Businesses, states, regions and cities declare climate leadership in Australia

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5 November 2015

LONDON: A dozen leading Australian companies have committed to climate action at the Australian Climate Leadership Summit today, signaling a robust business shift toward a low carbon economy in the country and supported by local sub-national governments.

The companies, including top banks and energy providers, have endorsed a total of 39 climate commitments, including adopting a science-based emissions reduction target, putting a price on carbon and procuring 100% electricity from renewable sources.

The initiative, hosted by CDP, is an action of the We Mean Business coalition and backed by the French government ahead of the crucial COP21 climate talks, which begin at the end of this month in Paris. Such commitments suggest Australian businesses are ready to back an ambitious global climate deal, in which all nations must agree a pathway to reduce global emissions.


Businesses are increasingly recognizing how shifting to a low carbon economy is the only sensible way to stay competitive in the market. During Climate Week NYC last year, The Climate Group convened top companies around the world to launch the RE100 initiative, to encourage and support businesses switching to 100% renewable energy.

Investing in renewable power makes complete business sense,” confirmed Steve HowardChief Sustainability OfficerIKEA Group in September.

Image: Andy Vesey, CEO of AGL Energy, Australia’s largest carbon emitter, speaking at the Australian Climate Leadership Summit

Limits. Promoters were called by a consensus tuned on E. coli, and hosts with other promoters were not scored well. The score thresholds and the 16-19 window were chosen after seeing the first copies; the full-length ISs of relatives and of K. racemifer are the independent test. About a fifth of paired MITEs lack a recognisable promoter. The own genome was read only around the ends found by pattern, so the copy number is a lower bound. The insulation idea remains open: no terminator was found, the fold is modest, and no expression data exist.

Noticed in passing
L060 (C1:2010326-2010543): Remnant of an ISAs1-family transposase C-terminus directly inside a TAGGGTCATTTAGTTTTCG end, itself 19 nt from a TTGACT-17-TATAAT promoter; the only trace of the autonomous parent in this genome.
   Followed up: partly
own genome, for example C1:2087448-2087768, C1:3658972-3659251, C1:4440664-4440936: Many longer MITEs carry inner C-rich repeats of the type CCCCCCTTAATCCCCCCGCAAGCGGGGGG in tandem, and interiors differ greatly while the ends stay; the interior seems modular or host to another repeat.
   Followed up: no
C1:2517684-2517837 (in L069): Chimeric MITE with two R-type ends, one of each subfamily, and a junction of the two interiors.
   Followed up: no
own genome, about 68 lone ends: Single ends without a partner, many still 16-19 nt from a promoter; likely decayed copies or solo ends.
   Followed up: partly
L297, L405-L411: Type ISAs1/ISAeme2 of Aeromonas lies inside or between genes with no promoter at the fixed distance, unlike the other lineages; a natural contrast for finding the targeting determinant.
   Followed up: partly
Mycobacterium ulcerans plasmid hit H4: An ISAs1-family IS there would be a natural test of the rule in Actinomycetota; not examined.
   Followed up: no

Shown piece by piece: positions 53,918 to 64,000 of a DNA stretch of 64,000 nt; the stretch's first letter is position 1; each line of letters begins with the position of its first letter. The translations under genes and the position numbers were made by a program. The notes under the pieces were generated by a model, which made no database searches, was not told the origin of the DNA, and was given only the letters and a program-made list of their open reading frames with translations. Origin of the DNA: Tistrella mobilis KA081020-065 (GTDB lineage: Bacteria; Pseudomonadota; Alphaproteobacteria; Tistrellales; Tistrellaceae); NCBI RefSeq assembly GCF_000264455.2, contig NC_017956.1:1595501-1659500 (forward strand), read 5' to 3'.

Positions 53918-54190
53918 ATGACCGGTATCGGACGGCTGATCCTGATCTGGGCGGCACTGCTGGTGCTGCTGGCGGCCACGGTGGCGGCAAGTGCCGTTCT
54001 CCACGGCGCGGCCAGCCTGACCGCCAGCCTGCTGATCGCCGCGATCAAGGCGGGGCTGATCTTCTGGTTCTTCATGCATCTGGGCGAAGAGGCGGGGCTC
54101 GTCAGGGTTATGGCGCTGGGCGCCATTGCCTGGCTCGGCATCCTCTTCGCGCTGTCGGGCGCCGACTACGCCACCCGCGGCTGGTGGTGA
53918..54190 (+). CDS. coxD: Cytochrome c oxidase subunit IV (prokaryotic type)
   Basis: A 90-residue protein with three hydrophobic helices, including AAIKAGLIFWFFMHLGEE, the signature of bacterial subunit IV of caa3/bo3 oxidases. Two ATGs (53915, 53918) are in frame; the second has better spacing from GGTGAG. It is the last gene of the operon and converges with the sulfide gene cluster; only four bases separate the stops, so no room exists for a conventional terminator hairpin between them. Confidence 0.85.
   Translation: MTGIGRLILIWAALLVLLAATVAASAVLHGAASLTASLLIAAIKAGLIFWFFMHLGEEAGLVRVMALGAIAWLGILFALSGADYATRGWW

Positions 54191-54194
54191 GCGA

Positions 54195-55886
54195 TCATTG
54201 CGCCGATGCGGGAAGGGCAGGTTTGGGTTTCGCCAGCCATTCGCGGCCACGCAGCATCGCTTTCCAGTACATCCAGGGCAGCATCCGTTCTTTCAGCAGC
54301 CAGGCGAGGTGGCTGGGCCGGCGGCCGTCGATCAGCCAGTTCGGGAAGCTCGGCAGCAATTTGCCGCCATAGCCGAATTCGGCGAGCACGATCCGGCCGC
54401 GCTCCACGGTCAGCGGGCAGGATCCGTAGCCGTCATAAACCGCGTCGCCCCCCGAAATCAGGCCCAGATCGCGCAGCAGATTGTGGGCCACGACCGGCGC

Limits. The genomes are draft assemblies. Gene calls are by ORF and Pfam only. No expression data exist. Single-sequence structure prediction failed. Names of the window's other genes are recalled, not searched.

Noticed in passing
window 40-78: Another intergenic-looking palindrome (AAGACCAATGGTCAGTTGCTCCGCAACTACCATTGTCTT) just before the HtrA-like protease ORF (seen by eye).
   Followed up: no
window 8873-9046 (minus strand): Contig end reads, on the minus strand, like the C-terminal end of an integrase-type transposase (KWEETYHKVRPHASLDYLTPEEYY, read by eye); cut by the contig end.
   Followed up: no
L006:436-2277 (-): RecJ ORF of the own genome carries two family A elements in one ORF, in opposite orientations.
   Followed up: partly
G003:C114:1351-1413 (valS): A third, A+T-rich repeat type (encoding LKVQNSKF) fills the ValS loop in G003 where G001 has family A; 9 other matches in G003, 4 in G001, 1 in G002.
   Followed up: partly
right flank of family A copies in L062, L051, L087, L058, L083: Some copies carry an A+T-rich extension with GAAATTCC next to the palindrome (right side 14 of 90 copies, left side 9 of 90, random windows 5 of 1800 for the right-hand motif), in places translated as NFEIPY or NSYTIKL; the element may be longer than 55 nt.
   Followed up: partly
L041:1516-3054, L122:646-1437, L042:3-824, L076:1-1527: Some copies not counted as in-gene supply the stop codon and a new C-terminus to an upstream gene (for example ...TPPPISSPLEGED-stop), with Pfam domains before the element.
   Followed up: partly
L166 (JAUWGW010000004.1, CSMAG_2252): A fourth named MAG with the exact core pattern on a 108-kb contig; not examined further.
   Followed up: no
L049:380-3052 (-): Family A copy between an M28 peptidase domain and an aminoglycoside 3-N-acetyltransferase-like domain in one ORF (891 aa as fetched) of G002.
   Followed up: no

But tackling climate change is not just the business world’s responsibility. At the Summit this week, several city councils – including Sydney, Adelaide and Melbourne – joined the Compact of Mayors, the world’s largest coalition of city leaders committed to tackle climate change. To date, the signatories represent nearly 270 million people.

“This support reinforces our commitment to helping Australian businesses share success stories and drive significant action on climate change,” said Clover Moore, Lord Mayor, City of Sydney. “By showing leadership and working together, we can make a real difference.”

At this year’s Climate Week NYC, The Climate Group’s Compact of States and Regions announced a partnership with the Compact of Mayors to build a more coherent profile of climate efforts at the sub-national level. The Compact of States and Regions is the first-ever single, global account of greenhouse gas reduction targets made by state and regional governments

South Australia and the Australian Capital Territory are part of the Compact of States and Regions, which now counts 44 governments around the world, equaling 12.5% of the global economy and representing 325 million citizens.

Australian states are proving climate action leads to greater accountability and protection for both citizens and businesses, providing an example for central government to follow.

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